In its manifesto, the ruling party, the Congress, has listed various development works of the state, the most prominent being the implementation of the National Food Security Act. The party says that sectors such as agriculture, horticulture, sericulture, food processing and fisheries will be accorded priority through appropriate skill development with the involvement of the government, public and private partners. In 2012, the Congress had promised in its manifesto that “assured irrigation will be provided to all agricultural lands to pave way for another green revolution which will also aim at creating more employment opportunities in both agriculture and horticulture sectors”. As per a charge sheet of the Congress by the BJP, “only half of the state’s agricultural land is under irrigation. Hill districts, which account for 53 percent of the state’s agricultural land, have zero irrigation coverage.”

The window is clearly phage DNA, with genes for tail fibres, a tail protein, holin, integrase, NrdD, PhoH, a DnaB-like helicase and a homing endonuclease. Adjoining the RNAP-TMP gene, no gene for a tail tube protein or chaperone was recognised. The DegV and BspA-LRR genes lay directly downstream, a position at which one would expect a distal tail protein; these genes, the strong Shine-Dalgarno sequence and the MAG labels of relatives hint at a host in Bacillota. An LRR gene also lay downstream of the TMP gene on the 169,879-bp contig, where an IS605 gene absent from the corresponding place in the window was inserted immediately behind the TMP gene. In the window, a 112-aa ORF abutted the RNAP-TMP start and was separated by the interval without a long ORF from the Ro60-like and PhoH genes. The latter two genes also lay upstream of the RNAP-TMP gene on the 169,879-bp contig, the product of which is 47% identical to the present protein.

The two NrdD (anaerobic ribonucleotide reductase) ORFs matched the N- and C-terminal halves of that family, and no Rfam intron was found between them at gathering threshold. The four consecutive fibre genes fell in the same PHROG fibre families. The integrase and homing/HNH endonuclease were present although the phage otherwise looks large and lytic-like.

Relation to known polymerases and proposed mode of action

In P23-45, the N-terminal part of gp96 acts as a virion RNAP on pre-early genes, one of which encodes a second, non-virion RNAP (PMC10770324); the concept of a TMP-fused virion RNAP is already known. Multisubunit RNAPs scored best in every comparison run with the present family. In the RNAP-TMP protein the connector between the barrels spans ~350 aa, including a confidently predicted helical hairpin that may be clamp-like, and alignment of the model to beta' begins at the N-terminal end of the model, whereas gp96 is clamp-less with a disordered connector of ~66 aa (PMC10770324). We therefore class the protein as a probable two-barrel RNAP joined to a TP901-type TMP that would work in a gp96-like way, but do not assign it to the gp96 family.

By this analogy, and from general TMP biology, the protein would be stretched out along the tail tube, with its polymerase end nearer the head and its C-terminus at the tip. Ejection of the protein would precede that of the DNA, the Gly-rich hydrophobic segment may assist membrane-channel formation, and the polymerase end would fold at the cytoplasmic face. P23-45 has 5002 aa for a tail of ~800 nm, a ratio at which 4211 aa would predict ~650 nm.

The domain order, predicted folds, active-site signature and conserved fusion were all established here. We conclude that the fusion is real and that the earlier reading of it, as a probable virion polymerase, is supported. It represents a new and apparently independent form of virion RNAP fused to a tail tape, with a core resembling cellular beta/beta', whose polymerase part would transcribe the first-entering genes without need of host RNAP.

The BJP, which is expected to make inroads into the state, promises to “adopt a comprehensive and practicable policy that makes agriculture a more organised sector”. It intends to “fortify the core strength of agricultural crops as well as facilitate multiple crop cultivation. Also, to educate farmers in scientific cropping patterns and modern farming techniques like agricultural biotechnology”.

Irom Sharmila, Manipur’s iconic civil rights activist entered mainstream politics after ending her 16-year-old hunger strike against the government of India in 2016. She set up a new political party, the People’s Resurgence and Justice Alliance (PRJA). The objective of the PRJA, according to the party, is to develop a self-reliant economy and to “strive to formulate ecologically sustainable agricultural initiatives for mass production, and commercial export. Also, to build solar-powered cold storages in strategic locations, all across the state, to preserve agricultural products for a self-sufficient primary food supply chain”. It also talks about “encouraging and intensifying integrated organic farming with special initiatives”. Unlike its rivals, the PRJA has placed economy and environment in an integrated manner in its vision and party constitution.